"Our hope is not in who governs us, or what laws are passed, or what great things we do as a nation. Our hope is in the power of God working through the hearts of people." - Chuck Colson
I remembered this old quote as I thought back on last week, looked at pictures, and replayed conversations. The mission team did some extraordinary things in Fort Wayne - washed car seats, put up a fence, taught kids to swim, pushed children on swings, played soccer, handed out chips and icy pops, prayed for families, shared food with people of many nations. This may not seem significant to some... but it played a powerful role in every individual who was involved.
Our government is still figuring out how to handle refugees, assylum seekers, and undocumented immigrants. "Red-blooded Americans" still have a hard time knowing how they feel and how they should respond to the diversity in color, language, religion, and ways of life that continue to move in to our cities and neighborhoods. It seems that we all have our own concerns, complaints, solutions, and proposals about this matter. And yet, in the midst of all the debates and uncertainties, immigrants continue to come in to the country.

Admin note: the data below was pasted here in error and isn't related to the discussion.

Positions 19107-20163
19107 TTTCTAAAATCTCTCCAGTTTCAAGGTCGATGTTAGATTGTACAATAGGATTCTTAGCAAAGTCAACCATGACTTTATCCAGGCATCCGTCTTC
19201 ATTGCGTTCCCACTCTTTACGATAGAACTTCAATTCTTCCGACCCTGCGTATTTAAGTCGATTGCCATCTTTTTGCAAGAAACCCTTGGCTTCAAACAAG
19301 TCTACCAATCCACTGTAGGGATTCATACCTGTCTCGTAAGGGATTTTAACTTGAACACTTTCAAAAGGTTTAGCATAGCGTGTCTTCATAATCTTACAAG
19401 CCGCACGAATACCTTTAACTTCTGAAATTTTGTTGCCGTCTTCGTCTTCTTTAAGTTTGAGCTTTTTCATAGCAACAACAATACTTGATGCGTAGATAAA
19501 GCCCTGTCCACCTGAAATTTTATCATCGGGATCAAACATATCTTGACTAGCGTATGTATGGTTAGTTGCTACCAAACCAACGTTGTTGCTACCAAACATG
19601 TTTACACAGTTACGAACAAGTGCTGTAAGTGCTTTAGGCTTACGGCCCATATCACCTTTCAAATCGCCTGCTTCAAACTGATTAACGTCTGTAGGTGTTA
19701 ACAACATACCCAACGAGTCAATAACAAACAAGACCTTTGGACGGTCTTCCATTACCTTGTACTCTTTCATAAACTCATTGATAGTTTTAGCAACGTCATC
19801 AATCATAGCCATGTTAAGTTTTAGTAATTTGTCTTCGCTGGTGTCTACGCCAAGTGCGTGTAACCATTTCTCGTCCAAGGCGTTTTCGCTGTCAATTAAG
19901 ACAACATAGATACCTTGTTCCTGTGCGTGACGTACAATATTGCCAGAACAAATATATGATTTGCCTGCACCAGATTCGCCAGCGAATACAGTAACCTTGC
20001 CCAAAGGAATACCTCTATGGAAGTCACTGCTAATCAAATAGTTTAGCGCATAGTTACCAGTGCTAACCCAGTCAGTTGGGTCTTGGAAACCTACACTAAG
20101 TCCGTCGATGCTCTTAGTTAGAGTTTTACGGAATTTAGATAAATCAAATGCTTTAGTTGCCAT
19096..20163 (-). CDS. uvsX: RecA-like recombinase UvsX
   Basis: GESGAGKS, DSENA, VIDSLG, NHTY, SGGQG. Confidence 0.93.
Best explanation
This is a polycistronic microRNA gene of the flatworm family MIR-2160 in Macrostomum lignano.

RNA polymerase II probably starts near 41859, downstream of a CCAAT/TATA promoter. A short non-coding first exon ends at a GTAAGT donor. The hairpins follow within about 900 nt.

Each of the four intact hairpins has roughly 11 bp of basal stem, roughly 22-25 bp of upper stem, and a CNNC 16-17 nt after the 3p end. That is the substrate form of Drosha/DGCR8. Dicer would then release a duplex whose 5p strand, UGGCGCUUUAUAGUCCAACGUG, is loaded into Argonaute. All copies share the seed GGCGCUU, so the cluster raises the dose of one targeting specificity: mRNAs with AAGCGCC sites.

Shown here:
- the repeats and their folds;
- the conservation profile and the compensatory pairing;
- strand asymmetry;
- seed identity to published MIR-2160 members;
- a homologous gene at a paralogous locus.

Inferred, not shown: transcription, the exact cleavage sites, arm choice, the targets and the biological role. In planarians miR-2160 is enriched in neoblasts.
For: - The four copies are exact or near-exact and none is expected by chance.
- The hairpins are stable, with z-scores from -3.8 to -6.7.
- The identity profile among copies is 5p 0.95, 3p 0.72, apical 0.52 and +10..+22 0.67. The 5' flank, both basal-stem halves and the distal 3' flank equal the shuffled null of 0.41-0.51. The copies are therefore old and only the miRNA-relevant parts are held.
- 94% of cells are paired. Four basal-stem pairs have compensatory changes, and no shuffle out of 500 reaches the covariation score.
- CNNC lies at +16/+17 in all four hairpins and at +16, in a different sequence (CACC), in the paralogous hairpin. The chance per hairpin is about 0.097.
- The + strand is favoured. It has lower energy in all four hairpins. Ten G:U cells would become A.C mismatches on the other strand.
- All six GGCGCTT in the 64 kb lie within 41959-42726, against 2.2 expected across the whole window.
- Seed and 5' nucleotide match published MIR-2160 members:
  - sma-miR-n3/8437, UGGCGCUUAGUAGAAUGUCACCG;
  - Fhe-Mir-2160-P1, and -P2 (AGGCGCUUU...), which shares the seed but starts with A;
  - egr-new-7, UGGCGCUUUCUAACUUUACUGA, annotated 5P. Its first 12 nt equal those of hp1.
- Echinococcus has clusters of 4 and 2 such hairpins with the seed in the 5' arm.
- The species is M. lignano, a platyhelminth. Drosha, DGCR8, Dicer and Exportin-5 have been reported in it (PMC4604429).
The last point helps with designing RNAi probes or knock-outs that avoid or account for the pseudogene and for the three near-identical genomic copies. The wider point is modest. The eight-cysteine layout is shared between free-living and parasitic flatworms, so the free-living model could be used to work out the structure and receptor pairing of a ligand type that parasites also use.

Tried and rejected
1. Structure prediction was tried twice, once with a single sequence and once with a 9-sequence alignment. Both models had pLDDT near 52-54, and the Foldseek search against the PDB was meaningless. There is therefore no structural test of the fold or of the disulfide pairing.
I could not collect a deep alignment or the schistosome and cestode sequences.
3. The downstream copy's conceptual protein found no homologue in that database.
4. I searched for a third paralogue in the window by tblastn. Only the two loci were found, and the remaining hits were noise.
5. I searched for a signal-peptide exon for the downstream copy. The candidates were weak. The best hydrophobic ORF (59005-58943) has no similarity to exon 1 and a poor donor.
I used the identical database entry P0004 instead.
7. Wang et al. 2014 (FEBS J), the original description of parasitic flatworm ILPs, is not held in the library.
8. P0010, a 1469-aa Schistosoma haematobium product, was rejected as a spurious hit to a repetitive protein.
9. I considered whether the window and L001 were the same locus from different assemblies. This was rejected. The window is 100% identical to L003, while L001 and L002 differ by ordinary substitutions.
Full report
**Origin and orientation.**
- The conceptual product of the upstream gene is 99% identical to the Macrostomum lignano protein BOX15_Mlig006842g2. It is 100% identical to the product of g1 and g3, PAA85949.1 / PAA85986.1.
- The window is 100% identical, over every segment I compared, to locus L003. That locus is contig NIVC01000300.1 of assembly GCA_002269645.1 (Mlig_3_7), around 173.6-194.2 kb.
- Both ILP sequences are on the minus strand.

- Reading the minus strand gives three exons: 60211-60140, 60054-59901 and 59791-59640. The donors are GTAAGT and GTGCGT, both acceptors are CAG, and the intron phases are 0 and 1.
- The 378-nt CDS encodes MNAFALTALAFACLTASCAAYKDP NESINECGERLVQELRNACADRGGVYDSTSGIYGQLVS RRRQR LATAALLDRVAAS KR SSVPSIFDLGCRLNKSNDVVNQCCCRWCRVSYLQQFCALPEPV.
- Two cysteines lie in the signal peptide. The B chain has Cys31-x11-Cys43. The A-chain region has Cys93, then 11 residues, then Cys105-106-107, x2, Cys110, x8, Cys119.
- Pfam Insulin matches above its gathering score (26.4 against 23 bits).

How will we respond? What would Jesus do?
I think he would wash car seats, and teach kids to swim. I think he'd play soccer and eat chips and icy pops. I think he would do all the things our mission team did - he would engage in conversations around big picnic tables and delve into relationships in the most humble of homes and love on purpose. His love is strong, powerful, wonderful, and able to break through ever barrier our society and human nature puts up. Truth and peace and joy can be found in his love. Our mission team expressed that love every day for a week, and had more of an impact on the natoins of the world in Fort Wayne, Indiana, than any government bill or activist group ever could. Because whenever people experience the love of Christ, they are changed, and will never be the same.